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Tax Deductions, COVID-19, Job Keeper, Job Seeker, Tax

What can I claim when working from home during COVID-19?

Working from home due to COVID? You will certainly have incurred expenses but what can you claim a deduction for?

Well first lets rule out some expenses you can’t claim:-

Coffee, tea, milk and other general household items your employer may otherwise have provided you with at work aren’t deductible while working from home.

Incurred some costs in getting children and their education including setting them up for online learning, teaching them at home or buying equipment such as iPads and desks? Well you can’t claim those.

Has your employer reimbursed you for phone/internet/laptop/headset? If you have been reimbursed by your employer you can’t claim.

Working from home due to COVID? You will certainly have incurred expenses but what can you claim a deduction for?

The ATO has outlined 3 methods for claiming for those expenses as a deductions:-

  1. The first of these method is the 80 cent shortcut method. Using this method you can claim 80 cents for every hour spent working from home. This rate is inclusive of costs for phone, internet depreciation of equipment and office furniture and electricity and gas, which means you can’t claim separately for these expenses. Please note as of writing this method is only applicable from the 1st of March to the 30th of September. You should keep a timesheet, roster or diary that supports your claim.
  1. The second method is the fixed-rate method. This method is a rate of 52 cents per hour for every hour you spent working from home. This rate is inclusive of depreciation of office furniture (I.e. desk), electricity and gas and repairs of home office equipment and furniture. A dairy of showing a usual pattern of working from home for four weeks should be kept to support your claim.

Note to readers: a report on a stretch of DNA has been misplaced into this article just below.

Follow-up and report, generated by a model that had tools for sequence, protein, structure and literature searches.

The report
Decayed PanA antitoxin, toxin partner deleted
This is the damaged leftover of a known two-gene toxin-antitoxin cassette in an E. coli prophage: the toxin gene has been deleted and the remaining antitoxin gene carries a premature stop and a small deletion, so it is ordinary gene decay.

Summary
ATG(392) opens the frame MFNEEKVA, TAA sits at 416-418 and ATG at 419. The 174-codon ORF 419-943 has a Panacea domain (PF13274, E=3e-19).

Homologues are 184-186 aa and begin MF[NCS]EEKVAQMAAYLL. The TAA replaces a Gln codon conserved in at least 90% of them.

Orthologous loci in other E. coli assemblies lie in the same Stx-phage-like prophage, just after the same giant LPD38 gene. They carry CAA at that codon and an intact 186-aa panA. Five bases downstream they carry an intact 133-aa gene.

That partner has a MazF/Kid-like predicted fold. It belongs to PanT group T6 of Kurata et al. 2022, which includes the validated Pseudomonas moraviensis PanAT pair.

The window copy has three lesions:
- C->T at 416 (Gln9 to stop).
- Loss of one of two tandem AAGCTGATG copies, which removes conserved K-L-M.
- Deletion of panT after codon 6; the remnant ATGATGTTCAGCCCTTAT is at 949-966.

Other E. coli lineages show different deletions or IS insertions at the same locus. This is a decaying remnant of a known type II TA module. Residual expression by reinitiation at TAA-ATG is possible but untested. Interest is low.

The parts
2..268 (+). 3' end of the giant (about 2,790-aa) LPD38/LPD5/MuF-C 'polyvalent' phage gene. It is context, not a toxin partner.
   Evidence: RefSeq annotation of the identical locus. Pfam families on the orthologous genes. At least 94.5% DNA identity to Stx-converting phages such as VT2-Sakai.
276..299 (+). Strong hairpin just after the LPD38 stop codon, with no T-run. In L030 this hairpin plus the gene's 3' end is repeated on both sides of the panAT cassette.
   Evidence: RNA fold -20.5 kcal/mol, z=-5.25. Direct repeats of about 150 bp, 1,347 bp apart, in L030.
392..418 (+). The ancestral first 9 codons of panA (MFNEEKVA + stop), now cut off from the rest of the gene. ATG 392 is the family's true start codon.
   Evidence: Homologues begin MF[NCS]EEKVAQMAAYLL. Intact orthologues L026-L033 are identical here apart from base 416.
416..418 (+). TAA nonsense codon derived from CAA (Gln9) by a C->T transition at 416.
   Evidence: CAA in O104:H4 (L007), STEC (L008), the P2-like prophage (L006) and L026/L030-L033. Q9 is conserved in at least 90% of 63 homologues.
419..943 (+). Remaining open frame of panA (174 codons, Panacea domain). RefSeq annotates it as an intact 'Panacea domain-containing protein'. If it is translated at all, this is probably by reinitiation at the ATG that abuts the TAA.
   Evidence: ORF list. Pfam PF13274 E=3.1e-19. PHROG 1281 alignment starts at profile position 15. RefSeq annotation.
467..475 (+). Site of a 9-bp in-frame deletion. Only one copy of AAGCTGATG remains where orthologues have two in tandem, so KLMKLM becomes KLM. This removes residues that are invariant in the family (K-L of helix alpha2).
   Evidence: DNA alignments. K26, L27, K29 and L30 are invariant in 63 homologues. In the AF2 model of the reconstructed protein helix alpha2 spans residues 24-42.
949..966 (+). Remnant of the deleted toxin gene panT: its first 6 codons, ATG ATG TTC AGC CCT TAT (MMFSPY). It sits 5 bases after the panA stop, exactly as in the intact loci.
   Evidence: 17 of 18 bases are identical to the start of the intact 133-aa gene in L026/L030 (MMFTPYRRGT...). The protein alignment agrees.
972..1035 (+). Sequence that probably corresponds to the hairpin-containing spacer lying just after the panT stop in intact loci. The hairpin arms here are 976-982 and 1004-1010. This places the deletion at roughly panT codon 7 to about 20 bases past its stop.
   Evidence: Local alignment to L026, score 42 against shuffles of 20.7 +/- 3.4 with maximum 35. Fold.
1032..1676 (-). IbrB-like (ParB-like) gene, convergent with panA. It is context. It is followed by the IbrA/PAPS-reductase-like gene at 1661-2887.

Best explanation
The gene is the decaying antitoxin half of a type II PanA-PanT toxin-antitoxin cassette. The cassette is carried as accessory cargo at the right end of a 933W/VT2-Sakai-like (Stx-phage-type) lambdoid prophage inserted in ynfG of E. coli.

Which means you can claim separately for phone, internet, computer consumables, stationery and decline in value of office equipment (ie. Laptops). For these expenses you can only claim the percentage of use that relates to work. For example phone and internet a month bill should be used as method of apportionment (ie. Work calls vs private calls)

  1. The final method to be used and by far the most complex is the actual expenses method. Under this method you can claim the costs directly related to working from home these can include:-
  • Electricity and Gas for cooling, heating and lighting of the home office.
  • Depreciation of home office furniture (ie desk and chairs)
  • Depreciation of home office equipment (ie. Laptops, phone and printers)
  • Phone expenses
  • Internet expenses
  • Cleaning (if you have a dedicated Home Office Area)
  •  Computer consumables and stationery (ie. Ink)

Now the kicker! What do you need to claim this method? Well bare with me because the list is longā€¦.

Keep a record of the number of hours worked at home during the income year.

Keep a diary of a four week period representative of a usual work pattern.

For working our the value of the depreciation on those office assets you will need to keep the receipts of those assets and show the percentage of the year you used those assets exclusively for work.

Work out the cost of your cleaning expenses of your home office I.e. apportion by using the floor area of the home office vs the whole house. The claim should be further reduced by private use of your home office and use of the office by other family members.

Working out the cost of your heating, cooling and lighting. You must work out the cost per unit of power used, the average units of power used per hour (this kilowatt per hour for each appliance, equipment or light used) and the total hours used for work related purposes.

To work out the cost of your phone and the internet you will need to work this out based on an itemised bill and determine your usage over a four week period.

For computer consumables and stationery you just need to keep your receipts.

You must take into account other members of your household when working out your expenses.

Where to from here…

Once your head has stopped spinning hopefully that provides a bit more clarity on what deductions you can claim when working from home. If unsure always consult a registered tax agent to help sort out your tax affairs. Don’t have one? Well we at the Financial Foreman do a pretty good job šŸ‘

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